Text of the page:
The much-respected Citizens Against Government Waste organization has put its stamp of approval on the new budget proposed by the Republican Study Committee last week.
As noted previously on HEO, the alternate FY 2007 budget titled the "Contract with America: Renewed" saves $650 and balances the budget in five years, compared to President Bush’s plan to cut the deficit in half by 2009. It would also eliminate more than 150 programs and restrain the runaway growth of entitlement spending.
"The RSC blueprint is the best comprehensive plan on the table to rein in spending and cut government waste," said CAGW President Tom Schatz in a press release. "The rest of Congress needs to support this plan and get serious about addressing the nation’s long-term budget problems."
Also in the CAGW press release:
Highlights of the plan include $31 billion in cuts to foreign aid over five years, capping Medicare’s growth at 5.4 percent annually, and budget process reforms. It also answers President Bush’s call for a Sunset Commission, which would require all federal programs to expire after a specified period of time unless Congress voted to keep them going.
"Capping Medicare’s growth would force Congress to examine the structural deficiencies in the health care system that lead to massive waste, rather than simply spend more money," Schatz said. "The list of program eliminations includes wasteful and unnecessary programs like the Advanced Technology Program, the African Elephant Conservation Program, and the Robert C. Byrd Scholarship Program."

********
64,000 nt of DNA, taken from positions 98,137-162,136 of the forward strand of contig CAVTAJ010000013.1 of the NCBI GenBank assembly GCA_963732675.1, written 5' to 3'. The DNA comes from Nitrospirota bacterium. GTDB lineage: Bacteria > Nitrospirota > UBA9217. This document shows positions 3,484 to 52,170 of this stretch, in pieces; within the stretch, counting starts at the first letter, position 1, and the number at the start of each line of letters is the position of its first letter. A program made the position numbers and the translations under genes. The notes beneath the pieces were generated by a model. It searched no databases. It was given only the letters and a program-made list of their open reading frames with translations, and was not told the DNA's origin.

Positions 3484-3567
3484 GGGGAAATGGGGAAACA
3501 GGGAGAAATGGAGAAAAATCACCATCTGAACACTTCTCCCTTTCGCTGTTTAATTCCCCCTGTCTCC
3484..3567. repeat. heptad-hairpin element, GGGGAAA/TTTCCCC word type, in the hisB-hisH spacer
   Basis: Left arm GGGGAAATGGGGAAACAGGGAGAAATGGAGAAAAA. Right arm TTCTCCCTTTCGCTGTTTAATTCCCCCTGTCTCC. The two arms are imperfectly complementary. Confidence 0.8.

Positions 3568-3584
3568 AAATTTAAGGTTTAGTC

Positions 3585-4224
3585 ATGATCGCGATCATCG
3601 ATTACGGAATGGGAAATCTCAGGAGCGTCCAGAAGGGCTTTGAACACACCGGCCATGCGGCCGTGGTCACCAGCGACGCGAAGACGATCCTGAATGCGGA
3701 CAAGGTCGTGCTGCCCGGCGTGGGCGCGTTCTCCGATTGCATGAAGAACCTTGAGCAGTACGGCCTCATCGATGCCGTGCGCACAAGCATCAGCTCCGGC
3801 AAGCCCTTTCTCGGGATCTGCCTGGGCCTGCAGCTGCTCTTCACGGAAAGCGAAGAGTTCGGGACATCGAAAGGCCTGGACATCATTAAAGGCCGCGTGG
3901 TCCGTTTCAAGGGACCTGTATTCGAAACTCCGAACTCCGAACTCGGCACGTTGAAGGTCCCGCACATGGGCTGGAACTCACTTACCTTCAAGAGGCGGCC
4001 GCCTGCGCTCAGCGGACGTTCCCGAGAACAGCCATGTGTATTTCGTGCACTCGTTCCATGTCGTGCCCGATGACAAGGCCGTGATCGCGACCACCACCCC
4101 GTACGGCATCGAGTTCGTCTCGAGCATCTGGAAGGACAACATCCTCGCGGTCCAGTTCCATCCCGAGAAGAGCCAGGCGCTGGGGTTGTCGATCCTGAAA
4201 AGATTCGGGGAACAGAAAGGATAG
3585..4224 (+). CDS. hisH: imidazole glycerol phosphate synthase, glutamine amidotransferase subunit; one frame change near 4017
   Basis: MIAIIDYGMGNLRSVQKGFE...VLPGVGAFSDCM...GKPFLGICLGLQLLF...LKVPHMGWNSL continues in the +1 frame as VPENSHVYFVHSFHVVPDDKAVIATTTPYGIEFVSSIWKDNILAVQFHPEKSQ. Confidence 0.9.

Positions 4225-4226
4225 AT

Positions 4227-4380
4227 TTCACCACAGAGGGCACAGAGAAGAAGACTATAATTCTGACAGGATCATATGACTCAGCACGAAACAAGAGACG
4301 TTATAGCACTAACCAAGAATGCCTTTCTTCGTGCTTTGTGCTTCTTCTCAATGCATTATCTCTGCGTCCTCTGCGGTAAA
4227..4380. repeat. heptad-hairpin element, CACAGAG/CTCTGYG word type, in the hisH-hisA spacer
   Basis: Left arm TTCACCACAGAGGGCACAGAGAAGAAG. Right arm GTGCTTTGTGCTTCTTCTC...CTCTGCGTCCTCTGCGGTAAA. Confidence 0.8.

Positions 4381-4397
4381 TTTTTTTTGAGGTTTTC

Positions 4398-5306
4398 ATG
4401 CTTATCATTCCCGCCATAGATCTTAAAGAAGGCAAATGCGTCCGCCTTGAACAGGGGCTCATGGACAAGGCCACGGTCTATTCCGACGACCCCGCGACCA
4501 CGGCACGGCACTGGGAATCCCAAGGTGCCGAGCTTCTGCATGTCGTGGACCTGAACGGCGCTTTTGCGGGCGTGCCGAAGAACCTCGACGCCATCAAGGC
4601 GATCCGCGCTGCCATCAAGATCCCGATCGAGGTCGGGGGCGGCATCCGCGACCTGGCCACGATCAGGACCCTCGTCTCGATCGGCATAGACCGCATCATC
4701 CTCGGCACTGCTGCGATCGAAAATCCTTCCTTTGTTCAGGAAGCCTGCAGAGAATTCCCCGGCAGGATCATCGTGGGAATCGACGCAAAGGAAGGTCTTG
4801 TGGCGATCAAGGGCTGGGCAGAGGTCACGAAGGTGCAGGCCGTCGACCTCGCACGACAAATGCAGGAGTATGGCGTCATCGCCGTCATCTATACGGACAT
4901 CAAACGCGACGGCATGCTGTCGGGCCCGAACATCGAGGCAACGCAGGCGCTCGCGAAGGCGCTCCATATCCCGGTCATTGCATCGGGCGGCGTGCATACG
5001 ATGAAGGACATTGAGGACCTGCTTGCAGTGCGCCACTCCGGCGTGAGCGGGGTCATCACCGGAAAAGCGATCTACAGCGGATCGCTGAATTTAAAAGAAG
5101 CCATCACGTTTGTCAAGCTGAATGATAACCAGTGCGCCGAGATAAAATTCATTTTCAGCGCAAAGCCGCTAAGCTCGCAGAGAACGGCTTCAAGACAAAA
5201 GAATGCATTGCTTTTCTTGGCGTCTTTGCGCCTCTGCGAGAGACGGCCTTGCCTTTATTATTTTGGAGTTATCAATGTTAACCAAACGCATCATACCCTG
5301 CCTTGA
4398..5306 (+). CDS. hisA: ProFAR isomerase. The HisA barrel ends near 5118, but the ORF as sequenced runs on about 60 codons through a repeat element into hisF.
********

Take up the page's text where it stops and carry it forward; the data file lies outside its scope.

According to the CAGW press release:
The RSC plan arrives as Congress prepares to increase the national debt limit beyond the current $8.184 trillion. The debt is already $8.28 trillion, which breaks down to $27,724 per citizen. Last week, the Senate Budget Committee approved a budget plan that rejected the President’s proposal to trim the growth of Medicare spending by $35.9 billion over five years. While Democrats blasted the plan for increasing the debt, most of the amendments offered by Democrats would have increased spending.
"The national debt is proof of Congress’s addiction to overspending," Schatz said. "Gimmicks and posturing have come to dominate the budget debate. The RSC plan is the most honest attempt at fiscal responsibility on Capitol Hill."